Phase I Clinical Trial of HIV Vaccine Proves Effective

May, 2021 - By SMI

Phase I Clinical Trial of HIV Vaccine Proves Effective

Researchers reveal that a phase I clinical trial confirms that the first stage of a novel approach to vaccination is effective and can work against HIV (Human Immunodeficiency Virus).

A team of researchers from Scripps Research Institute, U.S. have stepped towards developing a vaccine that is assumed to protect people against HIV. Researchers reported that the strategy would involve a series of vaccinations. The vaccinations would activate and develop a rare type of immune cell, which would produce antibodies. The antibodies would target the weak spot on the outer surface of the virus (HIV).

Human immunodeficiency virus weakens the immune system of an individual progressively and destroys and impairs the function of the immune cells. According to the World Health Organization (WHO), HIV have claimed around 33 million lives so far and at the end of 2019 almost 38 million are living with HIV, across the globe. Although, highly effective antiviral treatments are available for HIV, but individuals living with HIV must take antiviral treatments for the rest of their life. Despite various researches, scientists so far have not been able to develop an effective vaccine against HIV.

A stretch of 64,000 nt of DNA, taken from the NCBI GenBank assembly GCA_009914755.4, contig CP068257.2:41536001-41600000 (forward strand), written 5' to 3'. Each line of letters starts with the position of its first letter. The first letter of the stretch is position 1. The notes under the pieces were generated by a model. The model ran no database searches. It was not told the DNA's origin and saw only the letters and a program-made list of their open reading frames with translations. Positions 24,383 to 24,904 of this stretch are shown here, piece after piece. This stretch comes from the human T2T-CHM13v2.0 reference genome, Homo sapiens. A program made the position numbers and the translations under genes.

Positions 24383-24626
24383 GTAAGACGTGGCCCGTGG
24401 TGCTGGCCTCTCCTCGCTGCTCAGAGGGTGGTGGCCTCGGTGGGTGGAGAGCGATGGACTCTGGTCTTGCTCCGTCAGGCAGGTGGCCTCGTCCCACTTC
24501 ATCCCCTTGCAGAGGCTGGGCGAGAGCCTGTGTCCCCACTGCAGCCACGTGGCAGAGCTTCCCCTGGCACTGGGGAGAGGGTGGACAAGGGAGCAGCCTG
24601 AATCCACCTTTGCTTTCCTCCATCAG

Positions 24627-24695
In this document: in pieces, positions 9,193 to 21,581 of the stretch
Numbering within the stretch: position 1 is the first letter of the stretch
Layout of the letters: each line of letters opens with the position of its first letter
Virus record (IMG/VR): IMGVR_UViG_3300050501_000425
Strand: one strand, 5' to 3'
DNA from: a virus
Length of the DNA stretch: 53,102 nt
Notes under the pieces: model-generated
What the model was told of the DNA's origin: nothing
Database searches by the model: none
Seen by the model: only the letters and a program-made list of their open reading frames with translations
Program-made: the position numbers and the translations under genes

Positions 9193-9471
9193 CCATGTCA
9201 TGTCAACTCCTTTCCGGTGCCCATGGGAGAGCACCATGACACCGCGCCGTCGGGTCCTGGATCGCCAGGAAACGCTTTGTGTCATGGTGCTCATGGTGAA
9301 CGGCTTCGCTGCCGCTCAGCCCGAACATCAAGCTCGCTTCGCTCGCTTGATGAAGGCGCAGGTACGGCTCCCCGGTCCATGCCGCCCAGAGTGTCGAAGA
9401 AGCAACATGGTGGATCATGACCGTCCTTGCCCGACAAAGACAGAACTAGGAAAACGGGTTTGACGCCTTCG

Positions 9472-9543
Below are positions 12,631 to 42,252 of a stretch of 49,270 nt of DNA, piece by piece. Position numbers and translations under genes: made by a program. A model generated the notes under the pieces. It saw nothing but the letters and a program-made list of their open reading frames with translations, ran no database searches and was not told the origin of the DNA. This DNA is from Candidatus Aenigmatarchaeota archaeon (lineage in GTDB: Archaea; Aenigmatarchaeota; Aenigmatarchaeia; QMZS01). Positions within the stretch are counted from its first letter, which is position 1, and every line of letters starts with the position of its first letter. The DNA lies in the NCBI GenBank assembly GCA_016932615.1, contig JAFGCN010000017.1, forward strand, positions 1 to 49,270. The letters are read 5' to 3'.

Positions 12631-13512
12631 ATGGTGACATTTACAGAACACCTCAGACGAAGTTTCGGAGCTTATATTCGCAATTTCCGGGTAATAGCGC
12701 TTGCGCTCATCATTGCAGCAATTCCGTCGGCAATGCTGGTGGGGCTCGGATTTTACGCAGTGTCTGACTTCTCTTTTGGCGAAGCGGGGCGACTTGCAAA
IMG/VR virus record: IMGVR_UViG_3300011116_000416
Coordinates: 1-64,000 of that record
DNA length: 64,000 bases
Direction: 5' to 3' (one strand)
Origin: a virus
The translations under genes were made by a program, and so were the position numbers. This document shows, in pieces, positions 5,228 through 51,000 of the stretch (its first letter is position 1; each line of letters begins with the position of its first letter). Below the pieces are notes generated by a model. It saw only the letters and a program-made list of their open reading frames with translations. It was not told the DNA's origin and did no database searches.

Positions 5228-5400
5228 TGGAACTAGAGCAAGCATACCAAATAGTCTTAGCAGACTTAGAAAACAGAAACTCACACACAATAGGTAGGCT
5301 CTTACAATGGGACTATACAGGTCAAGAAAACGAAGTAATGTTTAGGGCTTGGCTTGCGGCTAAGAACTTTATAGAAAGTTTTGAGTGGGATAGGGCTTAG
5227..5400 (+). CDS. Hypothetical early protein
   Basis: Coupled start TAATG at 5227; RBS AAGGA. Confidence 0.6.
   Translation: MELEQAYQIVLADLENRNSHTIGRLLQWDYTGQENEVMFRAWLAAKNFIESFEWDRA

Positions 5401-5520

HIV uses S protein or spike protein on its outer surface to enter into the host cell. HIV has different strains due to rapid mutations of genes that make the spike. Researchers have found out that it is difficult to access parts of the spike which naturally do not change. Neutralizing antibodies (bnAbs) bind to these regions and target wide variety of HIV strains. Generally, people with HIV do not generate these antibodies naturally. Moreover, according to the study conducted by Mr. William Schief, a professor and immunologist at the Scripps Research Institute, and his team of researchers, a naïve B cell, a rare type of immune cell, can develop B cells that are capable of producing bnAbs against HIV. However, Mr. William Schief revealed that only 1 in a million of naïve B cells can produce bnAbs.

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